Primaries In 4 States Could Impact Battle To Control Congress
RACHEL MARTIN, HOST:
There is another round of primary elections today, elections that could have a big impact on the battle to control Congress. Voters in Pennsylvania, Nebraska, Idaho and Oregon will choose their candidates for the fall. Pennsylvania alone has five seats that Democrats are hopeful about picking up in November. And if they pick candidates who can win over Republicans and independents, that could go a long way in getting them the votes they need to take back the House. NPR congressional correspondent Scott Detrow is here for more.
SCOTT DETROW, BYLINE: Good morning.
MARTIN: So Republicans are on defense in the state of Pennsylvania. What's made this state so important in 2018?
DETROW: Pennsylvania's always pretty close. And the Philadelphia suburbs were being viewed as a key battleground because Democrats feel like they can make a lot of gains in the current political climate in the suburbs, going after higher-education, higher-income voters who are turned off by President Trump but otherwise might typically vote Republican. So this was already a focus. Then a couple of things happened to make the state way more competitive. First of all is a lot of the Republicans representing Pennsylvania in Congress have decided to retire for one reason or another, leaving a lot of seats vacant.
MARTIN: Right. There was also this gerrymandering case in...
MARTIN: ...Pennsylvania that's created new districts, no?
DETROW: Yes. It was quite the frenzy over the last few months. The state Supreme Court threw out the map that had been drawn by a Republican legislature and signed by a Republican governor. They said it was too unfair, too gerrymandered in favor of Republicans. The state Supreme Court is controlled by Democrats. And the map they produced - much more favorable to Democrats and made a lot of these districts on the eastern part of the state especially more competitive or a slight edge to Democrats. And as a result, you have Democrats very excited about the chances here, a lot of them running. In one of these suburban Philadelphia races that's been vacated, you have 10 Democrats...
DETROW: ...In today's primary.
MARTIN: That's a lot of people (laughter). Anything else you think is particularly notable in the primaries?
DETROW: Yeah, I think the most interesting House primary to flag in Pennsylvania is the Democratic primary in the 7th Congressional District. This is Allentown, the Lehigh Valley. It's being vacated by Charlie Dent, a moderate Republican. You have a whole range of the Democratic Party in this primary - you have a conservative candidate, you have a candidate backed by Bernie Sanders, several others. So that'll be interesting to watch to see which of these candidates has the momentum.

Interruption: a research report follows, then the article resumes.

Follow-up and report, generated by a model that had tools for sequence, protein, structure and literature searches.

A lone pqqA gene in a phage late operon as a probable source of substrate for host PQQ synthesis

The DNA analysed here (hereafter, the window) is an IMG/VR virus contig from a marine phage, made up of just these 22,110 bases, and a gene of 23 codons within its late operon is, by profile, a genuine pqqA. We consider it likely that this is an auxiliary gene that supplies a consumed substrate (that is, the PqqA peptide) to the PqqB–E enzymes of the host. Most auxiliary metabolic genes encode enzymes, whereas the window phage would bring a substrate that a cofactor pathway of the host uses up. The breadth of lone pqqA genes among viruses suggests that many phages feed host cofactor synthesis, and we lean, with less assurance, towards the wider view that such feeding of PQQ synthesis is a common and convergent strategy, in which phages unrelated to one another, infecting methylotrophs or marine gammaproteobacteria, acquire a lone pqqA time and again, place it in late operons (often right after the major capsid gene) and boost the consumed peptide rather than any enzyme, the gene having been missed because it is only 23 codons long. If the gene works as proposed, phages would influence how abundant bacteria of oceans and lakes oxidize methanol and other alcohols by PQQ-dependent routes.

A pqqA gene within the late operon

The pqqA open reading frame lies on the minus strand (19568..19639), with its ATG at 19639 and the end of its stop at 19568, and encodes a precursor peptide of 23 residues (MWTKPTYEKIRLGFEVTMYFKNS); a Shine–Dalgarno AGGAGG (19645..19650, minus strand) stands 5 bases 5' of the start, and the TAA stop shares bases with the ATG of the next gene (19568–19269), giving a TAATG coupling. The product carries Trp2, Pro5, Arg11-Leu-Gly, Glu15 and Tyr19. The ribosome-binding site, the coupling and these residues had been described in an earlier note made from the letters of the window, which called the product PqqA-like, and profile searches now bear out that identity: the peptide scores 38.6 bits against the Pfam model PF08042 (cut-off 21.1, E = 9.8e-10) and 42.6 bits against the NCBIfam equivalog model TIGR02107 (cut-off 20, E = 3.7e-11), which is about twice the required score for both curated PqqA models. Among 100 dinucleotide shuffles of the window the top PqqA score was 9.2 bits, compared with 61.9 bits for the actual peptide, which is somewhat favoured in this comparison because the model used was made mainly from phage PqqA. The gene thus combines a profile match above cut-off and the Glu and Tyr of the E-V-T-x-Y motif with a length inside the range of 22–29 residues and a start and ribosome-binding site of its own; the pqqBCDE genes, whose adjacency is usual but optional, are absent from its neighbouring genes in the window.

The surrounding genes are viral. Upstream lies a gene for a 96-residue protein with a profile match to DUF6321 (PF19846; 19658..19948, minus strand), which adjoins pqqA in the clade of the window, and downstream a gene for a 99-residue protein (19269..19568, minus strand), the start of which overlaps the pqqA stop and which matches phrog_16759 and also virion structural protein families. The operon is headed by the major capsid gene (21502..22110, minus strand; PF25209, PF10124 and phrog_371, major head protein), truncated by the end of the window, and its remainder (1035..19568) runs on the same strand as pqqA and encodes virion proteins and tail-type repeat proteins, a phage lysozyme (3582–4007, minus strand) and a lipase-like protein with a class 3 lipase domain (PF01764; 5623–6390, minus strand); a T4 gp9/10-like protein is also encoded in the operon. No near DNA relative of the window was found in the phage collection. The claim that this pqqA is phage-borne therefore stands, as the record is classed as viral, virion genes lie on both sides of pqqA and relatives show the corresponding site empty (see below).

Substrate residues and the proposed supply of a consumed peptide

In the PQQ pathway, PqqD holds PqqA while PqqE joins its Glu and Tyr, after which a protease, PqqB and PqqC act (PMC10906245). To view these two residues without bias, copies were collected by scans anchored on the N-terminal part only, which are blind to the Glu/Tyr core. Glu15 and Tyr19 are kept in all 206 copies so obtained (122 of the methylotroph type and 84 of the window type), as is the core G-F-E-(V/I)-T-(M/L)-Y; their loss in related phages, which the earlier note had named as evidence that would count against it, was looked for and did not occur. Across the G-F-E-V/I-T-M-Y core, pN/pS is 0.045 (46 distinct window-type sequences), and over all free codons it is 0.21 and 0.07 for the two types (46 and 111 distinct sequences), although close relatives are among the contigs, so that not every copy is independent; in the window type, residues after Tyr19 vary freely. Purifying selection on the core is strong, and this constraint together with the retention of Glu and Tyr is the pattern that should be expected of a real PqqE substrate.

And then there are some bigger-picture trends, as well. We've seen in a lot of earlier primaries this year that House Republicans are not doing so well when they try to run for statewide office. So Pennsylvania's Senate primary - on the Republican side, Lou Barletta has been criticized for running a lackluster campaign. He's running against a state representative who hasn't been able to gain too much momentum either. But if Barletta has a hard time winning that primary, that might say something.
MARTIN: Also, in Idaho, there's an interesting race. Raul Labrador - he's been kind of this firebrand Tea Party type of guy in Congress. He's running for governor. How's that race looking?
DETROW: Yeah, in your home state. It's an interesting - same trend. Labrador is running against the lieutenant governor, Brad Little, and then Tommy Ahlquist, who's a former physician, a real estate developer who's saying, I'm the outsider in this race - so some of the similar dynamics that you saw in last week's primaries, the West Virginia Senate primary and the Indiana Senate primary. So the question is, if Labrador is another House Republican who makes a hard sell of saying, hey, look at my credentials in Congress as I try to move up...
DETROW: ...Then we might be getting a sense that maybe voters are not in love with Congress this cycle.
MARTIN: Yeah. So before I let you go, there was news about the first lady, Melania Trump. She had some surgery.
DETROW: Yeah. She underwent a procedure - it's actually the most serious procedure that a first lady has undergone since Nancy Reagan - to deal with a kidney issue. She'll be in the hospital for the rest of the week. But President Trump visited her yesterday, says she's in good spirits, she's doing well - a lot of positive signs from the White House in terms of her recovery.
MARTIN: All right. NPR congressional correspondent Scott Detrow for us.
Thanks so much Scott.
DETROW: Thank you.
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